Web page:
With respect to Count III, the court noted that 31 U.S.C. Section 3713(b) places personal liability on an executor of an estate who pays the debts of the estate, or distributes assets to himself, before paying a claim of the United States. First, the court found no genuine dispute of material fact that Richard Saloom distributed the assets of the Kelley Estate and that such distribution rendered the Estate insolvent. Additionally, there was no genuine dispute of material fact that Richard Saloom had at least constructive knowledge that there existed at least some tax liability for the Kelley Estate. Further, Richard Saloom indicated he had knowledge of the debt by entering into an installment agreement with the IRS and making periodic payments to satisfy the estate tax liability.

With respect to Count IV, the court agreed with the government's claims that, as executor of the Richard Saloom Estate, Rose (1) distributed all of the approximately $1.1 million of property of the Richard Saloom Estate to herself; (2) rendered the Richard Saloom Estate insolvent; and (3) made such distributions despite knowing her father's tax liabilities.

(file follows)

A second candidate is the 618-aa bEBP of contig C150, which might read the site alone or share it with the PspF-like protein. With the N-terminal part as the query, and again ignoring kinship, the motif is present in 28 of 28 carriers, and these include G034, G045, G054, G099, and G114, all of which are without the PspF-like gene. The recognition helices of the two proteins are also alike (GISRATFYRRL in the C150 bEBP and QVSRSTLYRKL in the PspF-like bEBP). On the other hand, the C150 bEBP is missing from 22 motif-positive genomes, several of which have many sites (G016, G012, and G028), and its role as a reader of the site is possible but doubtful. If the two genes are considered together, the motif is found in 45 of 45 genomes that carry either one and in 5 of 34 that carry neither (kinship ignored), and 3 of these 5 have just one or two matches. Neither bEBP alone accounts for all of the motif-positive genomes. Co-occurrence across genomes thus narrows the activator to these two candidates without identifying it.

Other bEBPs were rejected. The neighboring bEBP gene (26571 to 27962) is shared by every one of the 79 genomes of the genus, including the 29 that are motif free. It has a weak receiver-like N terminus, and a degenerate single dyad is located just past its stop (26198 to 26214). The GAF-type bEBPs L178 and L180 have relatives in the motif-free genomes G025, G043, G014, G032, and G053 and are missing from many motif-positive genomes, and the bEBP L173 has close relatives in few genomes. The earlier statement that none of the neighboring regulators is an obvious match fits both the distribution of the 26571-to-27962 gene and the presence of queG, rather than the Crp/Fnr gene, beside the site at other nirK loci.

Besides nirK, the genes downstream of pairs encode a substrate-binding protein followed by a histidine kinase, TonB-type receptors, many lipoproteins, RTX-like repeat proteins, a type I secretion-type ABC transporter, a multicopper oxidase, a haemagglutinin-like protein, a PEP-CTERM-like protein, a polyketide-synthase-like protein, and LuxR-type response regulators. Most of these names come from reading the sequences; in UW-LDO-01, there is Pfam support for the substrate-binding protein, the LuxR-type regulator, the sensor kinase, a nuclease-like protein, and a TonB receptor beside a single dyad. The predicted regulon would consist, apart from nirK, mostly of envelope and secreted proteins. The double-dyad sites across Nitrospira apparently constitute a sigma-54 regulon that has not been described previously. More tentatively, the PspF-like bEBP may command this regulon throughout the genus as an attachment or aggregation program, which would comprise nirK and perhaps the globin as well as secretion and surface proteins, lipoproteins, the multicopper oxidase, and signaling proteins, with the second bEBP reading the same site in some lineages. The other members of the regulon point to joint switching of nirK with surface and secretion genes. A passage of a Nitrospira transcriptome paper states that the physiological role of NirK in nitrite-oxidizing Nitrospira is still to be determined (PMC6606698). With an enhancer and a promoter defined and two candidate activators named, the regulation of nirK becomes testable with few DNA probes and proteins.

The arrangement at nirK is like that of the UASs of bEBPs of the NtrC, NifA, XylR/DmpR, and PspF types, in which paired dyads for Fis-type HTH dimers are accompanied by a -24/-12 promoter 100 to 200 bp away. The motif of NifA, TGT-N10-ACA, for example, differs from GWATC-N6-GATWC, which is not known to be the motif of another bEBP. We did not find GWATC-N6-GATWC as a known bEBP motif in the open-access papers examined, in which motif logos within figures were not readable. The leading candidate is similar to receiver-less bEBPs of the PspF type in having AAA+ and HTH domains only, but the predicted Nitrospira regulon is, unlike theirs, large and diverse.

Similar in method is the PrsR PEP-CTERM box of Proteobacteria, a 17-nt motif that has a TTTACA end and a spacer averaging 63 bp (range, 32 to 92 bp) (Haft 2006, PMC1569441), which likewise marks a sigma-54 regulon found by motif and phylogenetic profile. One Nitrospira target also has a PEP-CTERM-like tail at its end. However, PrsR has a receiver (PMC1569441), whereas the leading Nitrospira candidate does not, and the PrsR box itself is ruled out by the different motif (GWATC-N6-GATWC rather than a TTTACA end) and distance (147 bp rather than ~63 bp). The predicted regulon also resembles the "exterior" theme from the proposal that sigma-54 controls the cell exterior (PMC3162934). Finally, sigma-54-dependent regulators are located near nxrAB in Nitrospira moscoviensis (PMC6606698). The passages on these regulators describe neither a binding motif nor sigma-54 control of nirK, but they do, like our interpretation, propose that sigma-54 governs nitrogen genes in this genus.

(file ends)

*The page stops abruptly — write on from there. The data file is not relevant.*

With respect to Count V, the court found that the government failed to demonstrate that the conveyance of property from the Richard Saloom Estate to Rose was fraudulent. The court noted that, in the cases on which the government was relying, courts have entered summary judgment and enforced personal money judgment against transferees who were explicitly engaged in schemes to defraud creditors and no such intent existed in Rose's situation. The transfer of property from the Richard Saloom Estate to Rose was the result of inheritance, the court said. Additionally, the property remained within the reach of the United States via transferee liability. In looking at the premise of the UFTA, the court found that it was clear that the type of testamentary transfer involved in the instant situation was outside the scope of the types of transfers the UFTA is designed to protect against.